Advertisement

Geotechnical and Geological Engineering

, Volume 35, Issue 1, pp 445–461 | Cite as

Prediction of Laboratory Peak Shear Stress Along the Cohesive Soil–Geosynthetic Interface Using Artificial Neural Network

  • Prasenjit Debnath
  • Ashim Kanti Dey
Original paper

Abstract

In general, soil–geosynthetic interface behaviour is modeled by interface element which involves the assumption of stiffness values which are difficult to determine experimentally. Most of the geosynthetic-reinforced earth structures fail at the interface of the geosynthetic and the soil due to slip or plastic yielding of the reinforced soil. Hence, for a proper design of the soil–geosynthetic interface, an artificial neural network (ANN) model can be used as an alternative approach for the prediction of the soil–geosynthetic interface behavior. The present study uses an ANN model to predict the peak shear stress along the cohesive soil–geosynthetic interface. Three-layer feed-forward back-propagation neural networks with 4, 10 and 15 hidden nodes using three different learning algorithms are examined. Out of three learning algorithms, Bayesian regularization learning algorithm with four hidden nodes is used for its highest coefficient of determination (R 2 = 0.988) for the testing set and all of the predicted data falling within the 99% prediction interval. The prediction performance of the ANN model with Bayesian regularization learning algorithm with four hidden nodes is compared with the multi-variable regression analysis. Different sensitivity analyses to quantify the most importance input parameters are also discussed. A neural interpretation diagram to visualize the effect of input parameters on the output is presented. Finally, a predicted model equation is obtained based on the neural network parameters.

Keywords

Artificial neural network Peak shear stress Sensitivity analysis Multi-variable regression Statistical analysis 

References

  1. Abdel-Baki MS, Raymond GP (1994) Numerical analysis of geotextile reinforced soil slabs. In: Fifth international conference on geotextiles, geomembranes and related products, SingaporeGoogle Scholar
  2. Ajdari M, Habibagahi G, Ghahramani A (2012) Predicting effective stress parameter of unsaturated soils using neural networks. Comput Geotech 40:89–96. doi: 10.1016/j.compgeo.2011.09.004 CrossRefGoogle Scholar
  3. Andrawes KZ, Mcgown A, Wilson-Fahmy RF, Mashhour MM (1982) The finite element method of analysis applied to soil–geotextile systems. In: Second international conference of geotextiles, Las Vegas, USA, pp 695–700Google Scholar
  4. Basudhar PK, Dixit PM, Gharpure A, Deb K (2008) Finite element analysis of geotextile-reinforced sand-bed subjected to strip loading. Geotext Geomembr 26:91–99. doi: 10.1016/j.geotexmem.2007.04.002 CrossRefGoogle Scholar
  5. Box GEP, Tiao GC (1973) Bayesian inference in statistical analysis. Addison-Wesley, ReadingGoogle Scholar
  6. Burd HJ, Brocklehurst CJ (1990) Finite element studies of the mechanics of reinforced unpaved roads. In: Proceedings of the fourth international conference on geotextiles, geomembranes and related products, The Hauge, Netherlands, pp 217–221Google Scholar
  7. Caudill M (1989) Neural Networks Primer. San Francisco (CA), Miller Freeman PublicationsGoogle Scholar
  8. Caudill M, Butler C (1992) Understanding neural networks: computer explorations, vols 1 and 2. The MIT Press, CambridgeGoogle Scholar
  9. DARPA (1988) Neural network study. M.I.T., Lincoln, Laboratory, LexingtonGoogle Scholar
  10. Das SK, Basudhar PK (2006) Undrained lateral load capacity of piles in clay using artificial neural network. Comput Geotech 33(8):454–459. doi: 10.1016/j.compgeo.2006.08.006 CrossRefGoogle Scholar
  11. Das SK, Basudhar PK (2008) Prediction of residual friction angle of clays using artificial neural network. Eng Geol 100(3–4):142–145. doi: 10.1016/j.enggeo.2008.03.001 CrossRefGoogle Scholar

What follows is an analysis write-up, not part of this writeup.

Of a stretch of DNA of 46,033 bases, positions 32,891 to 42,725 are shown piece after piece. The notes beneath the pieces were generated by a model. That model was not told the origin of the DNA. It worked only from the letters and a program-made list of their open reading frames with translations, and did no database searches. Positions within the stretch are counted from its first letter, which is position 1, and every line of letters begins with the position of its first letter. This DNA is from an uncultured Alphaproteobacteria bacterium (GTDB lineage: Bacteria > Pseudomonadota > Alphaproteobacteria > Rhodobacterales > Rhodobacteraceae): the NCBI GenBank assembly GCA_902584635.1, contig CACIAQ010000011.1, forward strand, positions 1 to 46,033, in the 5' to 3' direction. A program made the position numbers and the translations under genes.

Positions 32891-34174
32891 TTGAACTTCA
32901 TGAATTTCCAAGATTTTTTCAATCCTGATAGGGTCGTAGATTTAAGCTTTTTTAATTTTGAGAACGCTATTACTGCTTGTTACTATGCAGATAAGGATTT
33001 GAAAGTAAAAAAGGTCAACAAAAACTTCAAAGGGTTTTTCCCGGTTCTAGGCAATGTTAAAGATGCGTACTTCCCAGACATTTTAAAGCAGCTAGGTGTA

12. Das SK, Samui P, Sabat AK (2011) Density and unconfined compressive strength of cement stabilized soil. Geotech Geol Eng 29:329–342. doi: 10.1007/s10706-010-9379-4 CrossRefGoogle Scholar
  13. Farrag K (1995) Effect of moisture content on the interaction properties of geosynthetics. In: Geosynthetics’95, pp 1031–1041Google Scholar
  14. Farrag K, Griffin P (1993) Pull-out testing in cohesive soils, geosynthetic soil reinforcement testing procedures. ASTM STP No. 1190, West Conshohocken, PA, pp 76–89Google Scholar
  15. Farrag K, Morvant M (2003a) Evaluation of interaction properties of geosynthetics in cohesive soils: LTRC reinforced-soil test wall, Rep. No. FHWA/LA 03/379. Louisiana Transportation Research Center, Baton Rouge, LAGoogle Scholar
  16. Farrag K, Morvant M (2003b) Evaluation of interaction properties of geosynthetics in cohesive soils: lab and field pullout tests, Rep. No. FHWA/LA 03/380. Louisiana Transportation Research Center, Baton Rouge, LAGoogle Scholar
  17. Farsakh MA, Coronel J, Tao M (2007) Effect of soil moisture content and dry density on cohesive soil–geosynthetic interactions using large direct shear tests. J Mater Civ Eng ASCE 19:540–549. doi: 10.1061/(ASCE)0899-1561(2007)19:7(540) CrossRefGoogle Scholar
  18. Fletcher R (2000) Practical methods of optimization. Wiley, New YorkCrossRefGoogle Scholar
  19. Garson GD (1991) Interpreting neural-network connection weights. Artif Intell Expert 6(7):47–51Google Scholar
  20. Gens A, Carol I, Alonso EE (1988) An interface element formulation for the analysis of soil–reinforcement interaction. Comput Geotech 7:133–151. doi: 10.1016/0266-352X(89)90011-6 CrossRefGoogle Scholar
  21. Goh ATC (1994) Seismic liquefaction potential assessed by using neural networks. J Geotech E 120(9):1467–1480. doi: 10.1061/(ASCE)0733-9410(1994)120:9(1467) CrossRefGoogle Scholar
  22. Goh ATC (1995) Empirical design in geotechnics using neural networks. Geotechnique 45(4):709–714CrossRefGoogle Scholar
  23. Goh ATC, Kulhawy FH, Chua CG (2005) Bayesian neural network analysis of undrained side resistance of drilled shafts. J Geotech Geoenviron Eng ASCE 131(1):84–93. doi: 10.1061/(ASCE)1090-0241(2005)131:1(84) CrossRefGoogle Scholar
  24. Gull SF (1988) Bayesian inductive inference and maximum entropy. In: Ericson GJ, Smith CR (eds) Maximum entropy and Bayesian methods in science and engineering, vol 1. Kluwer, Norwell, pp 53–74CrossRefGoogle Scholar
  25. Kanayama M, Rohe A, Paassen LA (2014) Using and improving neural network models for ground settlement prediction. Geotech Geol Eng 32:687–697. doi: 10.1007/s10706-014-9745-8 Google Scholar